FROM Facebook groups to government agencies, the groundswell against domestic violence is growing as people from all walks of life say enough is enough.
Over the past few years, family assaults have come to the fore, driven by the shocking number of women who have died recently at the hands of their partners.
In 2014, 50 women were killed by current or ex-partners and already this year it is believed 17 women have lost their lives across the country.
One group pushing for change nationally is Our Watch, a bipartisan organisation founded in 2013.
Our watch has a number of high-profile Aussies on board including Australian of the year Rosie Batty whose ex-partner killed their son Luke in 2014; Sex Discrimination Commissioner Elizabeth Broderick; human rights activist Khadija Gbla; and writer, TV presenter and broadcaster Charlie Pickering.
Our Watch's aim is to stop violence before it happens.
"Our key focus is to sustain a public conversation about the incidence of family and domestic violence but also to highlight the key determinants behind it," Our Watch CEO Paul Linossier said.
"The areas of gender and inequality, rigid traditional gender stereotypes and trying to promote - in the world of decision makers and in the world of mum and dad at home, at the sports club, at the local school - what is it that we can do at a local level in our everyday interactions that can overcome sexism?"
National prevention campaign White Ribbon is working to change men's attitudes and behaviours with a focus on education, particularly in schools and workplaces.
A global organisation, White Ribbon's Australian arm kicked off in 2003.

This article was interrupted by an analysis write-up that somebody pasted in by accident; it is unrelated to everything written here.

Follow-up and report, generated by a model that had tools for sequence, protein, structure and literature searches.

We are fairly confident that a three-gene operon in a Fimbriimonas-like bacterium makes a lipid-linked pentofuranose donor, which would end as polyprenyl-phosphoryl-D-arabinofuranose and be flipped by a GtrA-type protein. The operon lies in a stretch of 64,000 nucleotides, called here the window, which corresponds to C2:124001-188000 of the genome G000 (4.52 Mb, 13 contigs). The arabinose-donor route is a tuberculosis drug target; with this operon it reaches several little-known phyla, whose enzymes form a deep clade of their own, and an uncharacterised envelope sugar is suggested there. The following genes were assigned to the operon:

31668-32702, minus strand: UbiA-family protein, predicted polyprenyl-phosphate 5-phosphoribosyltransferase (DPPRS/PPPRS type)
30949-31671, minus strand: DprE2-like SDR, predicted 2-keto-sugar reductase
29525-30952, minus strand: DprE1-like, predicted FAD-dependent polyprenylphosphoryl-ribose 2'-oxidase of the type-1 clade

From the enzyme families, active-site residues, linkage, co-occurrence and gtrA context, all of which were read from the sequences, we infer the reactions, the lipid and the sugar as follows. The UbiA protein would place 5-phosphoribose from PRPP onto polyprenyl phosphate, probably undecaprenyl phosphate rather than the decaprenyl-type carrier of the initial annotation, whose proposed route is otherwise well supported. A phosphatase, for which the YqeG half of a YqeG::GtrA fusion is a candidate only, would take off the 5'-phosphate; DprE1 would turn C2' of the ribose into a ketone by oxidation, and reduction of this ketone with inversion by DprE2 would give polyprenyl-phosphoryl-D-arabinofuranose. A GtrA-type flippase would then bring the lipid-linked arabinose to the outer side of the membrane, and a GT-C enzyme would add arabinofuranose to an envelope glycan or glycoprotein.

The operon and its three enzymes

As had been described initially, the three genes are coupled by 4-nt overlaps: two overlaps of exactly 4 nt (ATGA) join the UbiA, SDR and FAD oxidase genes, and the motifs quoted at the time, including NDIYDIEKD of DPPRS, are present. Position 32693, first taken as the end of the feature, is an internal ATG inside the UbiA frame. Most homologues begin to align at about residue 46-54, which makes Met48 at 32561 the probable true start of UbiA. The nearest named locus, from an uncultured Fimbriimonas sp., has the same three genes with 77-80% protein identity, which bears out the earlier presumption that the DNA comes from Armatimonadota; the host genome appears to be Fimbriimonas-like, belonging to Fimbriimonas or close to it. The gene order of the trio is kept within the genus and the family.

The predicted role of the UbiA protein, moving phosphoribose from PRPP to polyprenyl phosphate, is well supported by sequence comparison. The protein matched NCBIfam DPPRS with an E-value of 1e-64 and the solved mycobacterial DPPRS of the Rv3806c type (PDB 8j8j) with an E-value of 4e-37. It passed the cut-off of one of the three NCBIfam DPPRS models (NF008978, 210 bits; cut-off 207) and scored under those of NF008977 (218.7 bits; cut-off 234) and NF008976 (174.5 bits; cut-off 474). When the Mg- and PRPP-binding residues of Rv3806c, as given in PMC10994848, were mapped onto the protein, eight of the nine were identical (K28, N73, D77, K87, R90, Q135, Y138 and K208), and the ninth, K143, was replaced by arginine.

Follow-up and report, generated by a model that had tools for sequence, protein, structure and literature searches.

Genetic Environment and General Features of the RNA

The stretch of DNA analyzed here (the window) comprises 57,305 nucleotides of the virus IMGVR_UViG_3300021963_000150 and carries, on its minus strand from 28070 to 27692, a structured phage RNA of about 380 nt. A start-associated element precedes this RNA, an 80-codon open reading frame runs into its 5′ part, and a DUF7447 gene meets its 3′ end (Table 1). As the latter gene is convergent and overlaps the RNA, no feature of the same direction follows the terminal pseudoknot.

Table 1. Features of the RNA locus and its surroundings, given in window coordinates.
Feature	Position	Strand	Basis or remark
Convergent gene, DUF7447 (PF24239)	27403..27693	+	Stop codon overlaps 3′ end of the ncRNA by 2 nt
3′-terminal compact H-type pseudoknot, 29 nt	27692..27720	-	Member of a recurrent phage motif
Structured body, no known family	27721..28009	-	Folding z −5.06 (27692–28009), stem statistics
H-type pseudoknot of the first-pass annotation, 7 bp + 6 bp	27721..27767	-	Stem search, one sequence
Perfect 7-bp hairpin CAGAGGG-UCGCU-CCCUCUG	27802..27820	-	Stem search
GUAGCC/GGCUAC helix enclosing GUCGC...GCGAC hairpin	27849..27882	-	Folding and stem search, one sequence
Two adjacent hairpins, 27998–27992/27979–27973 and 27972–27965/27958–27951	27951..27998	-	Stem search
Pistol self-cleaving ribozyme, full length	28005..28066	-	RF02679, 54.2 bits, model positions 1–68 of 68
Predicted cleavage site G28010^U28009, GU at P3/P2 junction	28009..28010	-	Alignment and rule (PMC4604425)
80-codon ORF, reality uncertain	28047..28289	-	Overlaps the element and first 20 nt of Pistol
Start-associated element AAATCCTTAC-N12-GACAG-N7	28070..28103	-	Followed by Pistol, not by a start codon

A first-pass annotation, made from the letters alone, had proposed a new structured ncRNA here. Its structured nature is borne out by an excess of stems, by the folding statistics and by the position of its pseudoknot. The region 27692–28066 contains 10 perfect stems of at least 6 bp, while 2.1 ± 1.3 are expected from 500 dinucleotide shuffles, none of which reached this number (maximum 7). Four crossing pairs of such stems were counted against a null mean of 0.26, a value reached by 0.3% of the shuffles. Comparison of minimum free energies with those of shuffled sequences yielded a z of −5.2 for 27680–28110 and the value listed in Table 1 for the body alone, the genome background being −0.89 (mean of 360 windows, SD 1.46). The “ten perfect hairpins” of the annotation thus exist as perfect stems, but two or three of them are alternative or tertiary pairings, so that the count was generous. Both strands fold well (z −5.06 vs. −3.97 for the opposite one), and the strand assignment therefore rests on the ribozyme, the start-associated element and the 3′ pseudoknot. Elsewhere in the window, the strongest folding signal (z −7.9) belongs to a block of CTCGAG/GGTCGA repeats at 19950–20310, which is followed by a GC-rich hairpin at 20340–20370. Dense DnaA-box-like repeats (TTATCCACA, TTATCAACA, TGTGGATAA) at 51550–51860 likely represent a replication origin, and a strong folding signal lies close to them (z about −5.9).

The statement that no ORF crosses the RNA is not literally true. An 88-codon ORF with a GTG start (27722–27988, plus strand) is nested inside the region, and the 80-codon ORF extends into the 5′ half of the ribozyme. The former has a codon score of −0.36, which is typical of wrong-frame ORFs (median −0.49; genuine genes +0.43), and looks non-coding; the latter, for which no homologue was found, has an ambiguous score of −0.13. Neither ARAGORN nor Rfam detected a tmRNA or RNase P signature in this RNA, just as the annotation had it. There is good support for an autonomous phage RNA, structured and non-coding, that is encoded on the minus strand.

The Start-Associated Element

It co-ordinates the country's International Day of the Elimination of Violence against Women, also known as White Ribbon Day, that is held every November 25 and heralds 16 days of activism.
Many groups are pushing for grassroots change while providing much-needed support for victims.
Social media is beginning to play a significant role in the battle with a number of sites popping up on Facebook.
The Domestic Violence Death Review Action Group - comprising volunteer activists and violence support workers - hosts vigils every time someone dies at the hands of their partners; while the Gold Coast's Assist A Sista brings together community members to support victims, help children living in refuges continue their education and collect and distribute material aid across Queensland and NSW.
Both organisations use Facebook to issue calls to arms - whether it's for rallies or to gather material aid.
Working mothers Nicolle and Manuela started Assist A Sista in 2012 after a friend was forced to flee her home and an abusive relationship.
She left empty-handed and was desperately searching for somewhere to live.
Just 48 hours after sending out a call for housing, clothes, money and household items, Nicolle and Manuela found their friend somewhere to live and gathered everything she needed to kickstart her new life.
Northern Rivers public relations expert Sonia is one of the 200-strong volunteer workforce helping to find homes for about four women a week through the group.
The mother of three young children spends about 40 unpaid hours each month gathering sponsorship and co-ordinating media activities.
She finds the women Assist A Sista helps inspiring.
"I've had some teary moments," she said of the 12 months since she joined the group.
"I find the women we work with incredibly brave - they inspire me."
Other Facebook-based support groups include Destroy the Joint - a site for women who are "sick of the sexism dished out in Australia". The site lists the names of those who have lost their lives to domestic violence as a reminder of the terrible toll the epidemic is having.
Also on Facebook are Against Domestic Violence Australia that is "designed to support and allow victims of domestic violence to have a voice in society"; End Domestic Violence Now, a group committed to creating change across Queensland and New South Wales; Australians Against Domestic Violence; Australians in Domestic Violence Crisis Abroad; and Domestic Violence Survivors Lifeboat Australia.
- APN NEWSDESK